Frequently Asked Questions About Spiral Coil Binding

posted this on Feb 3, 2016

Coil binding – also known as spiral coil binding and color coil binding – is a very popular method of binding, but it can be difficult to understand how it’s done. Here’s an FAQ about the wonders of coil binding, including some insight on what to look for when buying a spiral binding machine.

  1. What is coil binding? Is it different than spiral binding? Coil and spiral binding are the same type of binding and the terms are used interchangeably. With this type of binding, plastic coils (spirals) are threaded through the holes at the edge of your document. You’ve probably seen this style of binding before because it’s sometimes used on commercial goods, such as calendars.
  2. What’s so great about spiral binding? First of all, spiral binding gives your bound documents a unique, kind of funky look, so it tends to be popular with artists and other creative types. Coils are inexpensive and are available in lots of different colors and thicknesses. (In fact, spiral binding is sometimes referred to as “color coil binding” because of all the colors available.) Spiral coils also durable, so this is a good binding method to choose if your documents will be handled regularly. Finally, you can bind documents manually using spiral coils, if you want, which can help save you money.
  3. What’s this I hear about “pitch”? When you hear the word “pitch” in conjunction with talk about spiral binding, it has nothing to do with baseball or music. Instead, “pitch” simply refers to how many holes there are per inch of paper. For example, a 4:1 pitch means there’s four holes per inch, whereas a 5:1 pitch indicates five holes, and so on. It’s essential to know what pitch your machine uses so you can choose the right binding supplies. The most commonly used pitch for coil binding is 4:1 (four holes per inch).
  4. What’s a coil crimper? A crimper is something you’ll absolutely need to have if you’re going to be binding with coils. It trims the excess coil off your document after it’s been bound. You also use the crimper to bend over the ends of the coil, which helps ensure your booklet won’t fall apart. Most coil binding machines come with a set of crimpers or crimping pliers, but if yours doesn’t, they’re available for about $25.00 or less.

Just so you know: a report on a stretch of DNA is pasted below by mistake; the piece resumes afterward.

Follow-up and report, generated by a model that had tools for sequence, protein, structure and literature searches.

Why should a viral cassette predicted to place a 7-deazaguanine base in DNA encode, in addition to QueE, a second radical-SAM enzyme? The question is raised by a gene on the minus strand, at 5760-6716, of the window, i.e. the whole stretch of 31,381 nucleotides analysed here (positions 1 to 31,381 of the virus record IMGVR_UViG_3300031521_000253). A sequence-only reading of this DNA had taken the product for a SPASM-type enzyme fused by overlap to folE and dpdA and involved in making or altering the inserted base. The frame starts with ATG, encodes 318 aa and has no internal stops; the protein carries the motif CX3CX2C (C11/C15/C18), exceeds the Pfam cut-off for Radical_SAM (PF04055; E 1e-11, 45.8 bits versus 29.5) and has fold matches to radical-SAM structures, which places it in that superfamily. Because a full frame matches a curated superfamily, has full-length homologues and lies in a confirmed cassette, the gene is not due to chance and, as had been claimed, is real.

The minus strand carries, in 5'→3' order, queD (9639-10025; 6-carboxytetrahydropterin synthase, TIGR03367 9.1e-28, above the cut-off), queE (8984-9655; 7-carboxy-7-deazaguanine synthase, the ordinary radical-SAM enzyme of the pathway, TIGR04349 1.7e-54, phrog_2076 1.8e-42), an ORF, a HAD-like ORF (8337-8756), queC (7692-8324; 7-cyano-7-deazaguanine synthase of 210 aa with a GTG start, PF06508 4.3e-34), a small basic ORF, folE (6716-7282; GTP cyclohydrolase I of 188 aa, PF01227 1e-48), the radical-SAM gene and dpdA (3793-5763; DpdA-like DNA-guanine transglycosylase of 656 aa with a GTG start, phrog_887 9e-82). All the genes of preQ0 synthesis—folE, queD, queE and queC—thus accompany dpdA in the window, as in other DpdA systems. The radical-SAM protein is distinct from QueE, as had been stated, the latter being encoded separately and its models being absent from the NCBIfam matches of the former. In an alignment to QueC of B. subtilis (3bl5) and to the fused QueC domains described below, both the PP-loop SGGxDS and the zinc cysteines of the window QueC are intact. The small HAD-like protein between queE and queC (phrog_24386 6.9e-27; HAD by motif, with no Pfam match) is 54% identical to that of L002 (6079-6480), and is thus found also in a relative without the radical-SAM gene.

5. What are some major manufacturers of coil binding machines? Some of the same manufacturers that make plastic comb binding machines are also in on the spiral binding market. These companies include Akiles and Tamerica, DFG as well as Rhin-O-Tuff and Marlon.
  6. What are some important factors to consider when buying a spiral binding machine? There are a lot of things to think about when buying a coil binding machine. Obviously, price will be a factor and you may or may not want a machine that’s aesthetically pleasing. If you’re going to bind a lot of odd-sized documents, getting a machine with disengageable pins (punching teeth) is necessary. You’ll also need to decide if you want a machine with an electric coil inserter, which inserts the binding coil into your document. Machines with this feature are often more expensive than machines without it, so if price is an issue, get a machine without an electric coil inserter. This means you’ll have to insert the coils manually, but you’ll save yourself some money.
  7. Can I use my coil binding machine with other types of binding supplies, such as plastic combs or wire-o binding supplies? Unfortunately not. That’s why it’s important to be sure that coil binding is going to be the right choice for your binding needs. Hopefully this article has helped you determine whether spiral binding is the right choice for your and your documents.
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